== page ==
WASHINGTON, May 4, 2016 - The story is familiar: There’s less and less state and county funding to keep cooperative extension programs around. But now, with states across the country struggling to pass budget deals, the stakes are higher than ever before.
In Connecticut, the current fiscal year budget deficit is $256 million and the state’s projected deficit for fiscal 2016-17 is hovering around $1 billion. Connecticut’s legislature has yet to balance the budget and the clock is ticking – June 30 marks the expiration of the current budget.
Henry Talmage, executive director of the Connecticut Farm Bureau, told Agri-Pulse that there have been cuts to extension in the past, and more are on their way.
“The first thing that will go is open (extension) positions… They won’t be filled,” he said. The extension offices will be told “to do more with less,” and perhaps, if the state budget cuts are substantial, there could be layoffs, he said.
“You can’t go less than one (employee),” Talmage added. “Then you don’t have a program.” That’s a central struggle for extension programs, he said – they’re small to begin with. Once they lose critical mass, they’re gone.
In Connecticut, extension is funded through the University of Connecticut with matching funds from the state. Most other states receive county funding for extension in addition to university funds and state dollars, but not Connecticut – the state dissolved county governments in 1960. This setup can be pretty limiting, Talmage said, particularly when the state can’t pass or balance a budget.
Gregory Weidemann, the dean of the College of Agriculture at the University of Connecticut, said the cuts – although not finalized – will likely prevent him from filling “critical vacancies.”
“The stories aren’t pretty,” he said. “Every year we have to make cuts.”
It’s possible – with the right messaging and enough political might – to escape some budget cuts, says Mark O’Neill, media and strategic communications director for the Pennsylvania Farm Bureau.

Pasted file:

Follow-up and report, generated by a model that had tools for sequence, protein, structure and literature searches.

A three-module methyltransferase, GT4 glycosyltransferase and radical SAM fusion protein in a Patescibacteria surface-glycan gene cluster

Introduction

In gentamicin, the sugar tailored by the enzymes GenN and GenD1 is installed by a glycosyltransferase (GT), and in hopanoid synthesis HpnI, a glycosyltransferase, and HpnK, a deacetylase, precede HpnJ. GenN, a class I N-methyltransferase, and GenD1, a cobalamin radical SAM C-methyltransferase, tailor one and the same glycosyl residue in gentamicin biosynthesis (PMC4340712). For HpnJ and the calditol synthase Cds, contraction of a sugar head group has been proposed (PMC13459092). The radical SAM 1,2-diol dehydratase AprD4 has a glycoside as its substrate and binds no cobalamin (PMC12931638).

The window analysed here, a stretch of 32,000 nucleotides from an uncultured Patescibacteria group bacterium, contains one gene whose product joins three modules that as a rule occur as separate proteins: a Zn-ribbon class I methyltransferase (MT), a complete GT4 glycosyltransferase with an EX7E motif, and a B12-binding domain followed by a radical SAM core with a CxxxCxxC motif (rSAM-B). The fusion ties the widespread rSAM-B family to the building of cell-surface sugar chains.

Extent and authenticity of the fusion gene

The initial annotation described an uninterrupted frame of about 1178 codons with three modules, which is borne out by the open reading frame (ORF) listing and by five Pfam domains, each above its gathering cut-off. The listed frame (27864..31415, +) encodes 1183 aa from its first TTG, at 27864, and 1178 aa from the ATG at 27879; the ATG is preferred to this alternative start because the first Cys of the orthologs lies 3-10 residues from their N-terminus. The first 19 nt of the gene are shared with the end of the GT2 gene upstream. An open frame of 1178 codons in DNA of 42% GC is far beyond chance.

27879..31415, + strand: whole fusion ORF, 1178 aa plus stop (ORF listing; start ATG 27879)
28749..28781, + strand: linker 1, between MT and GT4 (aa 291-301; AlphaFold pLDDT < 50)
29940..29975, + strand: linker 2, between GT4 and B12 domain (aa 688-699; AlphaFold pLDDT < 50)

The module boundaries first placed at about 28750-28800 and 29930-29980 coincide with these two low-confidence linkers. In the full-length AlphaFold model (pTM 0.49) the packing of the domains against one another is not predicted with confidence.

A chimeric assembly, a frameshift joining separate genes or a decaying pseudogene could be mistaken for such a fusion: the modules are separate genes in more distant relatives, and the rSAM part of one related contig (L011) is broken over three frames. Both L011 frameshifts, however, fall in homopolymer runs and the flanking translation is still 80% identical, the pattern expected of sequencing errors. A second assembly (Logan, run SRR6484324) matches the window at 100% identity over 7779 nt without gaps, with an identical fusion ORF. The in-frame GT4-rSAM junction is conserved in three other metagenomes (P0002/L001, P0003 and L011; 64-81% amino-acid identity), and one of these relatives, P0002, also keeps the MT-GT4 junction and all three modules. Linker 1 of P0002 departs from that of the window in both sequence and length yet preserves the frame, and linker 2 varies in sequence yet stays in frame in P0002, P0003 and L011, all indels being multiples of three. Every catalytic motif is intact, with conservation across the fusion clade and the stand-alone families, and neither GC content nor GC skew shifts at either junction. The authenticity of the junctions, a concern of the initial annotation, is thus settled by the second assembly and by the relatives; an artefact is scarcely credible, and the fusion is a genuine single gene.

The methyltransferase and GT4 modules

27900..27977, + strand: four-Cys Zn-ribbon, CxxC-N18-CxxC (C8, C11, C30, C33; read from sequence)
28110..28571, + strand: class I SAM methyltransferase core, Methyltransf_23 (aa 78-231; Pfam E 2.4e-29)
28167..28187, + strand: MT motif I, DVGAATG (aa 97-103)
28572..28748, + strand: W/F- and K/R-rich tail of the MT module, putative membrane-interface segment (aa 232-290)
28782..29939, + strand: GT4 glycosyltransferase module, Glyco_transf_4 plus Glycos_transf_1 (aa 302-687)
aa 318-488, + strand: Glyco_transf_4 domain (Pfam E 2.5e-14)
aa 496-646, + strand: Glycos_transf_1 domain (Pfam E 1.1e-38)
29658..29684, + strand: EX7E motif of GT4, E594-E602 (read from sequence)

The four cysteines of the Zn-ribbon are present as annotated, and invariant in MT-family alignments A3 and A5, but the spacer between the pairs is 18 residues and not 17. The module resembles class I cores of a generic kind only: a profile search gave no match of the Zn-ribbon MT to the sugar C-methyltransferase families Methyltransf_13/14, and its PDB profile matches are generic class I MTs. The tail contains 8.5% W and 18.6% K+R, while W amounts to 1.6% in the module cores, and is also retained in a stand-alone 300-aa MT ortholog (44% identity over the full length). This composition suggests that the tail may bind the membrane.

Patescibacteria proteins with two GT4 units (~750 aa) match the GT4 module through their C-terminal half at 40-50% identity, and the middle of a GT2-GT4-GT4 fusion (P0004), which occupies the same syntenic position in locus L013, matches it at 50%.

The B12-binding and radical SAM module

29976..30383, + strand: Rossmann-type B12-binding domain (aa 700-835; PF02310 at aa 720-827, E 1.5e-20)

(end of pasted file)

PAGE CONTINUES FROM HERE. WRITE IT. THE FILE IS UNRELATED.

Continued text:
When Pennsylvania’s budget impasse in March threatened to shut down Pennsylvania State University’s extension program, O’Neill says extension advocates stepped up and reached out to explain how the program benefits farmers and non-farmers alike.
“Extension (research and technical support) always plays a role, every year, all over the place,” he said. Of course local farming is extension supported, but that economic activity bolsters regional economies, he said. Extension research also covers areas of food safety and pest management, which benefit suburban and urban communities, in addition to rural folk.
Increasing the relevance of extension services in the eyes of suburban and urban populations is difficult, especially when outreach budgets are constrained, so extension offices have had to get creative when it comes to communicating their value.
Chris Watkins, director of Cornell University’s cooperative extension, says his program has been exploring how it can utilize smartphones as a way to communicate with clients. It has also stretched its budget by regionalizing services that were once provided on a county-by-county basis, like expert consultations with veterinarians or agronomists.
Spreading resources in this way allows extension to continue offering the services of top-level experts to landowners, which Watkins says “can be more powerful in terms of meeting the needs of the farmer” compared to generalists, or a Google search.
“We just went through the 100-year anniversary of extension in the U.S.,” he continued. “If we want it to exist 100 years from now… it’s going to look a lot different.”
But that doesn’t mean extension won’t continue to emphasize hands-on, experiential learning, he said. One of the hallmarks of extension – face-to-face engagement – is also “a fundamental human need,” Watkins said. “It’s really hard to believe that the future is a place where people don’t learn the most” through that approach.
It’s also hard to imagine American ag without extension.
A recently released Penn State study, authored by Stephan Goetz, a professor of agricultural and regional economics, says that without extension, America would have lost four farmers for every one that left the sector over the last 25 years. That means 137,000 fewer farmers left farming because of extension services.
“If we were to loosely extrapolate this, I would say that extension over its existence has saved over a million farmers – that’s a big number considering we only have 2 million or so left now,” Goetz said in an interview with USDA.
Talmage said that Connecticut has 1,000 more farmers now than recorded in the last USDA Ag Census, taken in 2012. These beginning farmers “are going to need a lot of hand holding,” and extension programs fill that need, he said.
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